Why did you decide to pursue your college major?
I love math and numbers because it is a problem with a definite answer. I declared a Business Finance major to mix real-world problem solving with my passion for people and growing my own brand. I love and adore the field of business for what it is. I find joy and curiosity in knowing that you can take your own ideas and from nothing, grow a vast brand, company, and new adventure, shaping it into the mold you desire! There is a competitive edge to the world of business that I also find fascinating.
What are the projects that you most enjoy working on, and why?
One of my favorite projects has been finding recipes deemed to be unhealthy, and reworking them through healthy alternatives. Some of my favorite swaps consist of regular rice to Trader Joe’s Riced Cauliflower, flour to almond flour, and noodles to zucchini noodles. Here are two of my favorite recipes I created through trial and error!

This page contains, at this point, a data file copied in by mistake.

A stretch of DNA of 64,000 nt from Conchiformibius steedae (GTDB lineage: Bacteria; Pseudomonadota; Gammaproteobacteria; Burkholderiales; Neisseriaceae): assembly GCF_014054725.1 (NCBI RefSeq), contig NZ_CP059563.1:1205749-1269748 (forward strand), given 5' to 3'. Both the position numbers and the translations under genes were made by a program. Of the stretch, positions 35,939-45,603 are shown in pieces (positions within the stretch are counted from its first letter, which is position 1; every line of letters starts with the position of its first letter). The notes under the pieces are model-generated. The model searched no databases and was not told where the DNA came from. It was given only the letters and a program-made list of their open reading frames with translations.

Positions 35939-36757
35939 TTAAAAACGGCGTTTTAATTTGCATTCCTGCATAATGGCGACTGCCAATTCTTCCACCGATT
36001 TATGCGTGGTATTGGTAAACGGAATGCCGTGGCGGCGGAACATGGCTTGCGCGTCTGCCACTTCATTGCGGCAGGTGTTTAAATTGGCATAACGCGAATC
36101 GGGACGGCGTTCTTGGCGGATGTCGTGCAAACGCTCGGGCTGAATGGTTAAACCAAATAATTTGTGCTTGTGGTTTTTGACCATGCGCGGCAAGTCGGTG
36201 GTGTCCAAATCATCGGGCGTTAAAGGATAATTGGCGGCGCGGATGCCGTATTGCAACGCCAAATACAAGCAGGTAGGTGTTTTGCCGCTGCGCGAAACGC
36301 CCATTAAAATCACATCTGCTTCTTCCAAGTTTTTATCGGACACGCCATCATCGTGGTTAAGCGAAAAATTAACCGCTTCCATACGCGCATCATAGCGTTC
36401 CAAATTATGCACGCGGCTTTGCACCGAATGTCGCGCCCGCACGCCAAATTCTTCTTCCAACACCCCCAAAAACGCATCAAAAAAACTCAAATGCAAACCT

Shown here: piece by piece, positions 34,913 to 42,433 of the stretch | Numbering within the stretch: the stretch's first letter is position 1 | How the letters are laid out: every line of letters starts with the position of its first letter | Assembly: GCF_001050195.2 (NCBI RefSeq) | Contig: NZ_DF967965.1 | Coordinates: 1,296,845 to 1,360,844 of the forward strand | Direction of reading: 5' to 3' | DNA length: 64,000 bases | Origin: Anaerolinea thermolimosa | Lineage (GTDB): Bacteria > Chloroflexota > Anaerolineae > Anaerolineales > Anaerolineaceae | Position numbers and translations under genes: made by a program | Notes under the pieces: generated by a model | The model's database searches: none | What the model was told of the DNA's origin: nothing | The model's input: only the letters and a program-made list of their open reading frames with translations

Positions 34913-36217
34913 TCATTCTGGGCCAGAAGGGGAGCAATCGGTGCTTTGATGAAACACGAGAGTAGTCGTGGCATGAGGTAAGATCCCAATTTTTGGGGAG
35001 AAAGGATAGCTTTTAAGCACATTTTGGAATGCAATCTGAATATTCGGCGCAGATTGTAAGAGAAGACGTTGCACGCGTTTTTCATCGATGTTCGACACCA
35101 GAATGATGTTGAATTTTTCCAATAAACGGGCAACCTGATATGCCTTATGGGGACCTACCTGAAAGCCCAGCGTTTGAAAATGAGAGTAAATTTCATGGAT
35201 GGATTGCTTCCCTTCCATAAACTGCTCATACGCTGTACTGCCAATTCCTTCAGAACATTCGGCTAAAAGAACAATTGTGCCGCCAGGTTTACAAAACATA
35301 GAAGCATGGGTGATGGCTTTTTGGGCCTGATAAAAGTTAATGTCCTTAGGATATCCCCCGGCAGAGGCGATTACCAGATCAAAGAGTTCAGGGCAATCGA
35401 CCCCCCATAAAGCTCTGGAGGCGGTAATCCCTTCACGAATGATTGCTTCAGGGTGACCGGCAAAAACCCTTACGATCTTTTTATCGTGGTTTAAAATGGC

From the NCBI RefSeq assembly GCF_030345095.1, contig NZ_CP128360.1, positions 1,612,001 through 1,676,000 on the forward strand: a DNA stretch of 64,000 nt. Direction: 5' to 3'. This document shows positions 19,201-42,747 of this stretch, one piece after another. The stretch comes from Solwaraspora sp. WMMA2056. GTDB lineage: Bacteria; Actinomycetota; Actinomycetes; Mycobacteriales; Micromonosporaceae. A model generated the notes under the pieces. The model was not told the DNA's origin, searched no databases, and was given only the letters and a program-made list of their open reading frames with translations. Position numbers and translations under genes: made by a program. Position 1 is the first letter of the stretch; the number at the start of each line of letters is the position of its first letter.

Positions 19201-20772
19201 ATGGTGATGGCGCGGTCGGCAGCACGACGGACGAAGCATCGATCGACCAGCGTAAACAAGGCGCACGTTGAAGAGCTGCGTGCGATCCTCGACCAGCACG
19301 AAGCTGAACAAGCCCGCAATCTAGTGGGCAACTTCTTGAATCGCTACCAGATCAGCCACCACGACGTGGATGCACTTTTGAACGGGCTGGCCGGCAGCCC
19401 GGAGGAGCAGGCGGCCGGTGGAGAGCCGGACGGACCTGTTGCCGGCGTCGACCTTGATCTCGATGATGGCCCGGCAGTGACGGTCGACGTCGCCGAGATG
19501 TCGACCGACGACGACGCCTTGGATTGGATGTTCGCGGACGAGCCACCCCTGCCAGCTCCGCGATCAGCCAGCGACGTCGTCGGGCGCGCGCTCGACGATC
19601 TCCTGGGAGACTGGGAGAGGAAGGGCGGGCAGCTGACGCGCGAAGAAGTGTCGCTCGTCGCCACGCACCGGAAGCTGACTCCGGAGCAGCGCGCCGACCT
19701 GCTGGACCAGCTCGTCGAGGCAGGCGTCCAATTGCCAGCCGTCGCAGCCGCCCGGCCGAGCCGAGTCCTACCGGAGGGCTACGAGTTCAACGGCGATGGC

I’ve also started to recently take clothes that sit in the back of my closet and find new ways to rework them. I’ll take Pinterest and magazine inspiration, and work pieces into something of a modern-day trend. It also sounds funny, but one of my recent projects has been helping style, my friends, as they come to me with an event where they need a dress or outfit, head to toe. Styling and taking what I love about my friends, and formulating fun fashion finds for them is another great adventure.
I also LOVE organization and after getting inspiration from watching the Home Edit on Netflix, I’ve found new ways to organize my closet, desk, and fridge/pantry.
What has been the most important part of your college journey?